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Press Release

Eric Bender

Josie Patterson

Date: February 11, 2009

MIT Museum Launches Unique Anniversary Project
“Do-it-yourself” curators are invited to tell their stories of life
at Massachusetts Institute of Technology

CAMBRIDGE, MA — February 11, 2009 — What people, objects, places or ideas best represent Massachusetts Institute of Technology?

The entire MIT community is now being asked that question, and the answers will help to build an innovative exhibit at the MIT Museum that will celebrate the Institute’s 150th anniversary in 2011.

Building on the success of social networking sites and collaborative science communities, the Museum has launched a new kind of exhibit-building experience. Students, faculty, staff, alumni and any other interested parties (even those with no formal MIT affiliation) may nominate historical or current artifacts for the anniversary exhibit using a new website designed to attract nominations, comments and votes. People, places, things or ideas may be proposed to illustrate MIT’s extraordinary history, culture and contributions to society.

“The MIT 150 Exhibit is an opportunity for the entire community to help select objects that represent what the Institute is all about," says John Durant, Director of the MIT Museum. "Picking 150 artifacts that together capture the spirit of MIT—what a challenge!"

The exhibit website, at http://museum.mit.edu/150, is the primary way to nominate and comment on artifacts. The website will showcase all nominated objects on an ongoing basis. Individuals may also act as "do-it-yourself" museum curators and comment on other objects nominated for the exhibition.

During the summer of 2009, website visitors may begin voting on their favorite artifacts, helping to narrow down the field for a selection of 150 meaningful and compelling objects that will be displayed at the MIT Museum beginning in early 2011. (Smaller groups within MIT then will make the final selections.) Additionally, visitors will be able to suggest candidates who can offer particularly insightful and colorful comments on those 150 artifacts.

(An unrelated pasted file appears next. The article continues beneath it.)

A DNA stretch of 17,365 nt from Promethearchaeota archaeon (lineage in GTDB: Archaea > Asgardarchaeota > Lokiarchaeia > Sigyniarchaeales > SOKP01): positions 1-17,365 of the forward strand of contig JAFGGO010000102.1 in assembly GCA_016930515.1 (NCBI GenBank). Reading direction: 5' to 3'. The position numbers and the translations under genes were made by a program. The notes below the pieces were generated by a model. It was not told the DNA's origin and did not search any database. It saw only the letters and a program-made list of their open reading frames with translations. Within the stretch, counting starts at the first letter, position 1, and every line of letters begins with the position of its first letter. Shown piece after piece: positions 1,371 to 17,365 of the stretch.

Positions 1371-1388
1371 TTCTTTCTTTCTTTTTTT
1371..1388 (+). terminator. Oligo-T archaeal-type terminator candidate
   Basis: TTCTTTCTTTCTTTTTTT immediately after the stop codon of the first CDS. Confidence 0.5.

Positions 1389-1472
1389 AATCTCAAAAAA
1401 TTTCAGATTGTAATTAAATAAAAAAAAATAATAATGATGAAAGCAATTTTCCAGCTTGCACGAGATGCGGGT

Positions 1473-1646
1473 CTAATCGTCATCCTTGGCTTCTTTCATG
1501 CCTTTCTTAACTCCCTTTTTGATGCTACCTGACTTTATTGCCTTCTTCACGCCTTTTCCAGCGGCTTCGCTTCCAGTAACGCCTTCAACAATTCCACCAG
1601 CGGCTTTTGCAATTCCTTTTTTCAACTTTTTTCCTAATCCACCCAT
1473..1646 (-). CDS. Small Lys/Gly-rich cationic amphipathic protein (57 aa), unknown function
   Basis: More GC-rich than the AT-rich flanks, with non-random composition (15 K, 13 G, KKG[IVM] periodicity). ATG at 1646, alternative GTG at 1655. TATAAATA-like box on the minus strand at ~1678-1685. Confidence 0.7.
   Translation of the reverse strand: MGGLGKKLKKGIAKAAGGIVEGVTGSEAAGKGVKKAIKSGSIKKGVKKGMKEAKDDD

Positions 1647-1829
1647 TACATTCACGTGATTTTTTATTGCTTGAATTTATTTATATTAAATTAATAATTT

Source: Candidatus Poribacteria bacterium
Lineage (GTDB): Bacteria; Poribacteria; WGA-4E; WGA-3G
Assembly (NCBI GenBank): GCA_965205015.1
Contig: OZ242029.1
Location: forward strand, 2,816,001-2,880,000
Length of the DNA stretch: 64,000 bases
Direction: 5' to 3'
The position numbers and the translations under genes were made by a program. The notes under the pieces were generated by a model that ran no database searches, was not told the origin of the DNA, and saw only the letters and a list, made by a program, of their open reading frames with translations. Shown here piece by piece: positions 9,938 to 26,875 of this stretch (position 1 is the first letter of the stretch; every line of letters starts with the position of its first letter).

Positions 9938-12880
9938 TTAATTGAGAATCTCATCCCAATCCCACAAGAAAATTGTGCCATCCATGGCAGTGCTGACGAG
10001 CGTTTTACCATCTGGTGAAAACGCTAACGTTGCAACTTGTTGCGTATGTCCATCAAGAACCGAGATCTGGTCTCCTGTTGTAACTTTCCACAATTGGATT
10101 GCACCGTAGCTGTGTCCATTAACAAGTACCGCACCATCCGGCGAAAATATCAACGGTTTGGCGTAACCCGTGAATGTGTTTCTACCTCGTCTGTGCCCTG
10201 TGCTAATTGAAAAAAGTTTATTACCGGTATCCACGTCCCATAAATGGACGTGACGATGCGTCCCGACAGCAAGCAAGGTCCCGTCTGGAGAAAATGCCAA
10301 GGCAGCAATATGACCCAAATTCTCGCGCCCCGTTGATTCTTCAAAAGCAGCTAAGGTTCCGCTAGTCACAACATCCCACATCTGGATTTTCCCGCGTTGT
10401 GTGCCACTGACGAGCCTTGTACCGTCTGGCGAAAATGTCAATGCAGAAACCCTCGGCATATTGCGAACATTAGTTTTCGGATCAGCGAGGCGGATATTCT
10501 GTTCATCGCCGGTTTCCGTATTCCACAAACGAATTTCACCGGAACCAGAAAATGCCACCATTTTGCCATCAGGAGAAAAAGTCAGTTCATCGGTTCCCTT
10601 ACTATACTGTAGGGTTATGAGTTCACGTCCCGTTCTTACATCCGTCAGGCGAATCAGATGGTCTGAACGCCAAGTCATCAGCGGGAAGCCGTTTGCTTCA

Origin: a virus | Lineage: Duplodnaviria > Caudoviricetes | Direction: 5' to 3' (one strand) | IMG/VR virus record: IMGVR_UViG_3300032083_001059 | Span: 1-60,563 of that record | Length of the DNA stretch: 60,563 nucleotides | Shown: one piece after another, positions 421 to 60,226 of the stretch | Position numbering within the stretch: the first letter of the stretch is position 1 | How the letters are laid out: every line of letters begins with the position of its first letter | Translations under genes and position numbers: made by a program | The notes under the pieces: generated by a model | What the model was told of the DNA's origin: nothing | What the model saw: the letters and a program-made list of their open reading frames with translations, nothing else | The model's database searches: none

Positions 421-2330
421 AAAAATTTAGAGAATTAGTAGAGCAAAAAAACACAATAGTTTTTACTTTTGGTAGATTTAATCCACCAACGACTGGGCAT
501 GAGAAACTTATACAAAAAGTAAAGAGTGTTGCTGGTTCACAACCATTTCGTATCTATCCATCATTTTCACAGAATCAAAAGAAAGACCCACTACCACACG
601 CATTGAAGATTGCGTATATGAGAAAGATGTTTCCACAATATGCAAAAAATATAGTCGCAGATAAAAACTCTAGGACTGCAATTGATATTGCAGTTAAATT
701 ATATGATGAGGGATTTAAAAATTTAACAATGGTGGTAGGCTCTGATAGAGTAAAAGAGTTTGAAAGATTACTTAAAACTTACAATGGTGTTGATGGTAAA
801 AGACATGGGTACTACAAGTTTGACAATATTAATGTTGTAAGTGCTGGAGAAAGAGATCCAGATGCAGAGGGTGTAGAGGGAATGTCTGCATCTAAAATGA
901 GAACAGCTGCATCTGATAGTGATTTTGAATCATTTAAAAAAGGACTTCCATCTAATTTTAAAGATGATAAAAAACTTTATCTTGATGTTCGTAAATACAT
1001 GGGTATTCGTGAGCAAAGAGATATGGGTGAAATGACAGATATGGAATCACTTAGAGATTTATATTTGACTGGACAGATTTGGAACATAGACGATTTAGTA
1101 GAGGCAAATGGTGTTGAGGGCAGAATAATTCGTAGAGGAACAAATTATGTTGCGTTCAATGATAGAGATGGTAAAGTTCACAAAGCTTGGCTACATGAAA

"MIT isn’t one story—it’s many stories,” says Deborah Douglas, Curator of Science and Technology, who is spearheading this new approach. “There are many great storytellers in the MIT community, and the Museum wants to hear from them.”

“To stay relevant, museums must embrace new media and new narrative styles to tell their stories,” Douglas says, and the exhibit’s collaborative approach takes a pioneering step in that direction. “Museums such as ours normally are very protective of their prerogatives,” she notes. “To the best of my knowledge, nobody has ever said ‘We want you to help pick the artifacts that go in the exhibit, to help us tell the stories about those artifacts, and to help winnow down the selection.’ This is a real experiment, and for a curator, it’s unbelievably scary and exciting.”

Douglas emphasizes that while the physical exhibit displayed at the Museum will be limited to 150 items, the ongoing web exhibit will feature all nominations. “It will be a permanent virtual exhibition of these stories—a Facebook for MIT’s treasured objects,” she says.

For more information about the MIT 150 Exhibit, and to see what already has been nominated, go to http://museum.mit.edu/150.

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